Strategic CIO // Executive Insights & Innovation
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2/4/2014
11:05 AM
Chris Murphy
Chris Murphy
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Bank Of America's 'Why Stop There?' Cloud Strategy

Getting IT pros to give up old habits is one of the hardest things about building a new, private cloud architecture.

Why do we need different boxes for servers, storage, and network switches in the datacenter? They're all just computers, says David Reilly, who is the global technology infrastructure executive for Bank of America. Why can't companies fill their datacenters with white-box computers stuffed with x86 chips and a ton of memory, controlled by software that can make that box an in-memory storage device today, a software-defined switch tomorrow, and a server next week?  

This radical departure from today's datacenter approach isn't just idle salon chatter. Bank of America, this country's second-largest bank with about $2.1 trillion in assets, has a team of people right now exploring how to reinvent the bank's datacenters using a private cloud architecture.

The hardest part of getting to this kind of total reset of the datacenter, Reilly says, is persuading technologists to throw out their old ways of doing things and think more ambitiously. It's why Bank of America has created a separate team to develop the company's next-generation architecture, so team members could consider big ideas such as having only one type of hardware. "It's not the technical piece. It's: Why stop there, why not go further, why not do more?" Reilly says.

[Read how more clouds are moving from the concept phase to working: Private Cloud Adoptions On A Roll.] 

The bank wants that kind of blank-sheet thinking from its tech vendors, too. Reilly won't name vendors it's working with, but he says the team stood up two platforms for its private cloud environment, one proprietary and one based on OpenStack. The vendors it's working with are the ones embracing software-driven architecture and nonproprietary hardware.

"The hardware side of what they would do is something they should begin to let go," Reilly says. The bank is running its pilot on two platforms to keep its vendor options open, while "encouraging our large partners to feel like this is something of a burning platform that we need everyone to respond to."

Bank of America has about 200 workloads running on pilot versions of the new architecture, and it plans to put about 7,000 workloads into production this year. That volume still represents a small part of the bank's computing, but if it delivers strong results, it sets the stage for major adoption in 2015.

The business goal is to dramatically cut costs -- as much as 50% from today's best-case datacenter costs, Reilly says -- and let BofA respond more quickly to changing business needs, such as a spike in demand for network capacity or computing power (or, just as important, drops in demand when the bank wants less capacity).

Different technology, different skills
Bank of America's vision for a more flexible, responsive private cloud architecture is similar in concept to what some other companies, from FedEx to Fidelity, are putting into place. The application tells the infrastructure what it needs -- the computing power, the resiliency and recoverability, the geographic dispersion and restrictions, the security and regulatory requirements. The cost of all those elements would also be clear, so as business leaders work with developers to create apps, they understand the infrastructure involved and weigh the related benefits and costs.

BofA expects to provision and de-provision that capacity more quickly and in much smaller increments. Its private cloud also is meant to let some workloads eventually move to public cloud environments, be it Amazon Web Services, CenturyLink, Verizon, AT&T, IBM, or other third parties. Certain sensitive data and workloads will always stay on premises.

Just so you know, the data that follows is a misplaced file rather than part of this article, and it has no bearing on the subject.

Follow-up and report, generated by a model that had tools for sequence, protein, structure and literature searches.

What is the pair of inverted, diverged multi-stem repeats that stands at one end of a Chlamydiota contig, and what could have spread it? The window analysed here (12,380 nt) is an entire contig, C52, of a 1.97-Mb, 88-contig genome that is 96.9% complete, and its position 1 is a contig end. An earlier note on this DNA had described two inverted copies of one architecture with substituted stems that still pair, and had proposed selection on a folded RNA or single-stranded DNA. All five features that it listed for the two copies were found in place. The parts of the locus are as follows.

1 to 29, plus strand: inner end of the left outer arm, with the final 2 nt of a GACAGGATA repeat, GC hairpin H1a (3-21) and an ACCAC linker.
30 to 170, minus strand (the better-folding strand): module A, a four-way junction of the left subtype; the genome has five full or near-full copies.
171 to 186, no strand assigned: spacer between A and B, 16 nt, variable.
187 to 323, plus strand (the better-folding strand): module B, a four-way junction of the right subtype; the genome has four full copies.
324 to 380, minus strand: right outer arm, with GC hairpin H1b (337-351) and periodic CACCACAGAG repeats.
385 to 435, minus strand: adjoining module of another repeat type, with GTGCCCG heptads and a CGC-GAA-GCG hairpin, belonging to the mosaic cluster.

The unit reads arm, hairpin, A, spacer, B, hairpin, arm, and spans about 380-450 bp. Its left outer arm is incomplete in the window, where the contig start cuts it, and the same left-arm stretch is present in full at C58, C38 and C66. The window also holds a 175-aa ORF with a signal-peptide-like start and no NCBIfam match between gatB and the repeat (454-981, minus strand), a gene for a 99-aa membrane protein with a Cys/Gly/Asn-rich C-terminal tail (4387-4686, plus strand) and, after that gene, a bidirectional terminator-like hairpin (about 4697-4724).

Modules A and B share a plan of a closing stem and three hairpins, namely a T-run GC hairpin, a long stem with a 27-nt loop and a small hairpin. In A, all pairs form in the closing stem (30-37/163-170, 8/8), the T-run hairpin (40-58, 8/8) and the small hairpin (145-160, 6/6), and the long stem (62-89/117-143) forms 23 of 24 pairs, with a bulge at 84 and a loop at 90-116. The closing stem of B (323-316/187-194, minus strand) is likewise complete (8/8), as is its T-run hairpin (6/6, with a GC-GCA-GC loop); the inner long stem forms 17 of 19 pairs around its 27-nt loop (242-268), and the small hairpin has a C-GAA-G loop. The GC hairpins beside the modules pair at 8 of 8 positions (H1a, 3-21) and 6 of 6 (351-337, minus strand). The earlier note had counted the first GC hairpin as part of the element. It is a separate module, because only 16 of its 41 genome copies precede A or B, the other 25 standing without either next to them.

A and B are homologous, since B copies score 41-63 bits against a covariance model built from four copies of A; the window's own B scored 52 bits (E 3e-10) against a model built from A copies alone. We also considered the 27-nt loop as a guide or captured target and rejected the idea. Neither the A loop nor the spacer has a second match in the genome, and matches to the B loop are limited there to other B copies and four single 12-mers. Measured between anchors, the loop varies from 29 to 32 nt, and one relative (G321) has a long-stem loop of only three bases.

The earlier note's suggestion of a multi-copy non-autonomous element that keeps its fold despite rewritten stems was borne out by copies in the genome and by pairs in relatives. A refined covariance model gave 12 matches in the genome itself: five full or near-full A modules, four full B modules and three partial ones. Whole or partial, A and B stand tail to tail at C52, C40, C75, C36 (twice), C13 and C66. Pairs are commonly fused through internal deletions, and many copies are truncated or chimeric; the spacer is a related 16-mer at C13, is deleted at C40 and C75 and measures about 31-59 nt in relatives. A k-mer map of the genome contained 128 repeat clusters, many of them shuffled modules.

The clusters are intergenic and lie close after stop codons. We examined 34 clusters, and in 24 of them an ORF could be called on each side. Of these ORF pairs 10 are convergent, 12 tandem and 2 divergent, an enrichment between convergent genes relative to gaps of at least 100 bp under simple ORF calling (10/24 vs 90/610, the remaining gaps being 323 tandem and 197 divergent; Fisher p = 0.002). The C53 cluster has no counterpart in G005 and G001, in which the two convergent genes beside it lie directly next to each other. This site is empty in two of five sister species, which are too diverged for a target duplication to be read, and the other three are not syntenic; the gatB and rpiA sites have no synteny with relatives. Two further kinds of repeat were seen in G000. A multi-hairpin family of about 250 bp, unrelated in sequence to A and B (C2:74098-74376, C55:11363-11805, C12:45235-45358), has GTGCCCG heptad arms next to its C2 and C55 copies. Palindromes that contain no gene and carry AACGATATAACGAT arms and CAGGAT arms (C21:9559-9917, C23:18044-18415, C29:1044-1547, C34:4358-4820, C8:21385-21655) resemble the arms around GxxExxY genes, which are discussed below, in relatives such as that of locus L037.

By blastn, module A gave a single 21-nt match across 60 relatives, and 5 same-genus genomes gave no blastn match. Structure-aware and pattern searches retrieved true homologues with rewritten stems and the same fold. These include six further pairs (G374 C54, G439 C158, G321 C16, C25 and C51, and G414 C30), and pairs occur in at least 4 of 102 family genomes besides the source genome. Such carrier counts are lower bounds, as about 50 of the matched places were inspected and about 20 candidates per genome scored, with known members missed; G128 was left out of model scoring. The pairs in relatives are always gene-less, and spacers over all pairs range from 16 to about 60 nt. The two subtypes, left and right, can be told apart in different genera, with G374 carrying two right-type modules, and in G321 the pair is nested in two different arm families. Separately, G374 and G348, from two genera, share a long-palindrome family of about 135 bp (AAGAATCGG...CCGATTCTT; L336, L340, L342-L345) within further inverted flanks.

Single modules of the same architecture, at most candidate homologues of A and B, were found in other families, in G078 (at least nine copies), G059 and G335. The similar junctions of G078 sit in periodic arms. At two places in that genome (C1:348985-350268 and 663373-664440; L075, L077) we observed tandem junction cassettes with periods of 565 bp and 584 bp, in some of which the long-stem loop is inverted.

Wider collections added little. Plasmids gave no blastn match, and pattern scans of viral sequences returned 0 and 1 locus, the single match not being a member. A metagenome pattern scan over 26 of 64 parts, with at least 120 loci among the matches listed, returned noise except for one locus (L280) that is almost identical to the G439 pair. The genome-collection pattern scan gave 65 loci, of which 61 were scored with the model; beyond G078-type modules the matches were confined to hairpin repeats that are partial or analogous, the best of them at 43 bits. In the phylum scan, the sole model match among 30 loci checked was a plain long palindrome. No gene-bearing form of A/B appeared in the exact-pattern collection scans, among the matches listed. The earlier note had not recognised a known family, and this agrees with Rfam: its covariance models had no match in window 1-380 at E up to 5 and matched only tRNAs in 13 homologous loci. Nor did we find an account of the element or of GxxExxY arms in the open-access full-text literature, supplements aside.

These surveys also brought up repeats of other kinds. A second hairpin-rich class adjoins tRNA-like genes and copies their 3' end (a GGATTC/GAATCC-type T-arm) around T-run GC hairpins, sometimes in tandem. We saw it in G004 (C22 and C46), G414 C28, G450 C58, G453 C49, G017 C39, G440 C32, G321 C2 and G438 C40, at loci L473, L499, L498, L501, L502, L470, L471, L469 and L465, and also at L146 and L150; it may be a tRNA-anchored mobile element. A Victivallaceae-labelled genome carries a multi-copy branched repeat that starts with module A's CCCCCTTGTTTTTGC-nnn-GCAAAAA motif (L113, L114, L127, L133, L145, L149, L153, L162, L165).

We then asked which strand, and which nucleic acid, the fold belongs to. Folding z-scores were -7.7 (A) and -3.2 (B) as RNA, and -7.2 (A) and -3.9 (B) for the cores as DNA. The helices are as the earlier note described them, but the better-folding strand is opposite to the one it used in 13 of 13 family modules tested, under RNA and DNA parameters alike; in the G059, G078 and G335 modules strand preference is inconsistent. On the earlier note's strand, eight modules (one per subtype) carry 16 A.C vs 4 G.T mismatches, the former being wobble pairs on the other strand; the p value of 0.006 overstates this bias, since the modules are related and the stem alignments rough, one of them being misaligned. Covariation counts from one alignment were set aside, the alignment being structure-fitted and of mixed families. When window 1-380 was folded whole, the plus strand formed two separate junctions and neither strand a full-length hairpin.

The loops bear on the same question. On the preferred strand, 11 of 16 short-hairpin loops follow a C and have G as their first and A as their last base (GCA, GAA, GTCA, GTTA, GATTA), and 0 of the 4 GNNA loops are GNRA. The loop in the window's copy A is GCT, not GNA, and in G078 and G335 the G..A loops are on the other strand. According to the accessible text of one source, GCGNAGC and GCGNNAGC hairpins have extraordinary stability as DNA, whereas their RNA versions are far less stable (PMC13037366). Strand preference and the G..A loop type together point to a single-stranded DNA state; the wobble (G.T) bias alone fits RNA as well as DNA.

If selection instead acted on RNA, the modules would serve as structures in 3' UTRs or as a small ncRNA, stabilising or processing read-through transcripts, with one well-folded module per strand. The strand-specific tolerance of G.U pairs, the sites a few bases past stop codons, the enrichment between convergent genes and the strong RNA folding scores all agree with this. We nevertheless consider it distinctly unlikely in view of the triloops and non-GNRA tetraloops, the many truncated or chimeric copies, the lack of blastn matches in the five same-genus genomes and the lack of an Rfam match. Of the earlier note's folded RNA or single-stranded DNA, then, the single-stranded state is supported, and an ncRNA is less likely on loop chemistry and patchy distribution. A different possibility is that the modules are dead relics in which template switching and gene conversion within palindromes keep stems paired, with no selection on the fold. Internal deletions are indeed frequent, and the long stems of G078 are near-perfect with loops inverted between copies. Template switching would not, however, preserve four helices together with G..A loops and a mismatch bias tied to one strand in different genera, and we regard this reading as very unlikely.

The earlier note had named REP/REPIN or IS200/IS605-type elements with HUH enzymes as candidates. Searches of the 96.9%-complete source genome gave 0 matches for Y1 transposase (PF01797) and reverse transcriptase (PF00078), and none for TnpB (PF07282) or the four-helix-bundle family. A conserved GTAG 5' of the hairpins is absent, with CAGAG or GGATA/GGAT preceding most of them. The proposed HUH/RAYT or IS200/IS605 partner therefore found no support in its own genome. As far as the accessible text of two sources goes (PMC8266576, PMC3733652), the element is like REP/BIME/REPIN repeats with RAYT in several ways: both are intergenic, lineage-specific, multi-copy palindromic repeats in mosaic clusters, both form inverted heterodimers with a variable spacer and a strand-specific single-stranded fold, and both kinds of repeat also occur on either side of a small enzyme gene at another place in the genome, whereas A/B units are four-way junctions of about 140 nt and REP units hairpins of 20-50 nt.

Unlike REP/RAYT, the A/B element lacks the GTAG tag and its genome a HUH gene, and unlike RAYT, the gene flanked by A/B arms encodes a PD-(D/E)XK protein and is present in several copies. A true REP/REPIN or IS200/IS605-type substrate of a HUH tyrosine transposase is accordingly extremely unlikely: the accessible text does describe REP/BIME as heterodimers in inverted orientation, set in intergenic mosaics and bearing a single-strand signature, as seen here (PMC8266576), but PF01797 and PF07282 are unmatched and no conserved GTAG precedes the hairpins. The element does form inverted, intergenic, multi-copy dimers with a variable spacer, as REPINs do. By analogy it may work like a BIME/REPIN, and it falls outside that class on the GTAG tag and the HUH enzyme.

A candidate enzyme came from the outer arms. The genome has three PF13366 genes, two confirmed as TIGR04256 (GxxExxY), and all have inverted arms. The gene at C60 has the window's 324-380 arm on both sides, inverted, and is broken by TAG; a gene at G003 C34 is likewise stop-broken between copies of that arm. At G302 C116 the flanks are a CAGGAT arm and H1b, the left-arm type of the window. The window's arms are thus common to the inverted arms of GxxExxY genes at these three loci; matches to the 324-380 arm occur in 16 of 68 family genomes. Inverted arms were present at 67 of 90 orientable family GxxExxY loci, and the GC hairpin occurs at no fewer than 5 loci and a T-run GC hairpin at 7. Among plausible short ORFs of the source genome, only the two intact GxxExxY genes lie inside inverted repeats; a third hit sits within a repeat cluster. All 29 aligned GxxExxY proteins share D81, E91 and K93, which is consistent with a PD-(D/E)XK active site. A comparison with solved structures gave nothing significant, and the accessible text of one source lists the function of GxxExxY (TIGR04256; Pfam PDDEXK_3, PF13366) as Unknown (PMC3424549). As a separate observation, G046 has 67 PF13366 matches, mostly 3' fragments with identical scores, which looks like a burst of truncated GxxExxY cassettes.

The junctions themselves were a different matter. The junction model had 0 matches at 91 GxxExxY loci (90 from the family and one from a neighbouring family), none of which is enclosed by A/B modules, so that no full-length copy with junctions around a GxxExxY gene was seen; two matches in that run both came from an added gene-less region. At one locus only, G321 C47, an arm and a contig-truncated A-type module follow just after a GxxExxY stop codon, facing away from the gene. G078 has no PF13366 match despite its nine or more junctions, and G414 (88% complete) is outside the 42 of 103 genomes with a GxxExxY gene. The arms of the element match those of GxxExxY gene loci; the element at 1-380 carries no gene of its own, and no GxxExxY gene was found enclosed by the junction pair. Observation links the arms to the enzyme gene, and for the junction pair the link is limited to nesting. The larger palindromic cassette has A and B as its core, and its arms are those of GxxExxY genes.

Image courtesy of geraldbrazell (Flickr).
Image courtesy of geraldbrazell (Flickr).

Changing to a private cloud architecture and a software-centric datacenter will require different skills. Infrastructure pros today define themselves by the gear they run: "I run my company's million-port Cisco network," or "I manage our 50,000 servers." In a cloud model, as those technical silos get blown away, infrastructure pros will need more software skills.

"The infrastructure professional will look a lot more like the software development professional," Reilly says. The bank will need to hire and retrain people. "You try to bring everyone with you. Some people make that journey, and some people don't."

Reilly shares these ideas in his calm British accent, but when he talks of the current state as a "burning platform" and calls the private cloud shift "very much a when and not if," his sense of urgency is unmistakable. "We think it's as big a move as the mainframe to distributed computing was," he says. "We think it's that big a shift in the industry. The opportunity for us is to get there first."

The race is on. In our InformationWeek Private Cloud report published in November, 17% of the companies we surveyed said they use private cloud for all apps, 30% for some apps, and 30% are testing or developing a private cloud. Only 23% said their companies had no interest.

What companies mean by "private cloud," of course, varies. Is it merely a highly virtualized datacenter that allows workload shifting? Or is it the kind of rethink Reilly lays out? "Everybody's looking at this," he says. "I just think we have a higher level of ambition."

Private clouds are moving rapidly from concept to production. But some fears about expertise and integration still linger. Also in the Private Clouds Step Up issue of InformationWeek: The public cloud and the steam engine have more in common than you might think. (Free registration required.)

Chris Murphy is editor of InformationWeek and leader of its Strategic CIO community. He has been covering technology leadership and strategy issues for InformationWeek since 1999. Before that, he was editor of the Budapest Business Journal, a business newspaper in Hungary; ... View Full Bio

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Ron..
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Ron..,
User Rank: Apprentice
3/3/2014 | 6:14:44 PM
Virtualization without the headache of S/W overhead managing virtualized machines
Chris.. A good idea to commoditize and virtualize. Biggest hurdle is to standardize. Second hurdle build coherent fabric memory channel(s) which will allow stringing one server system to system, cabinet to cabinet.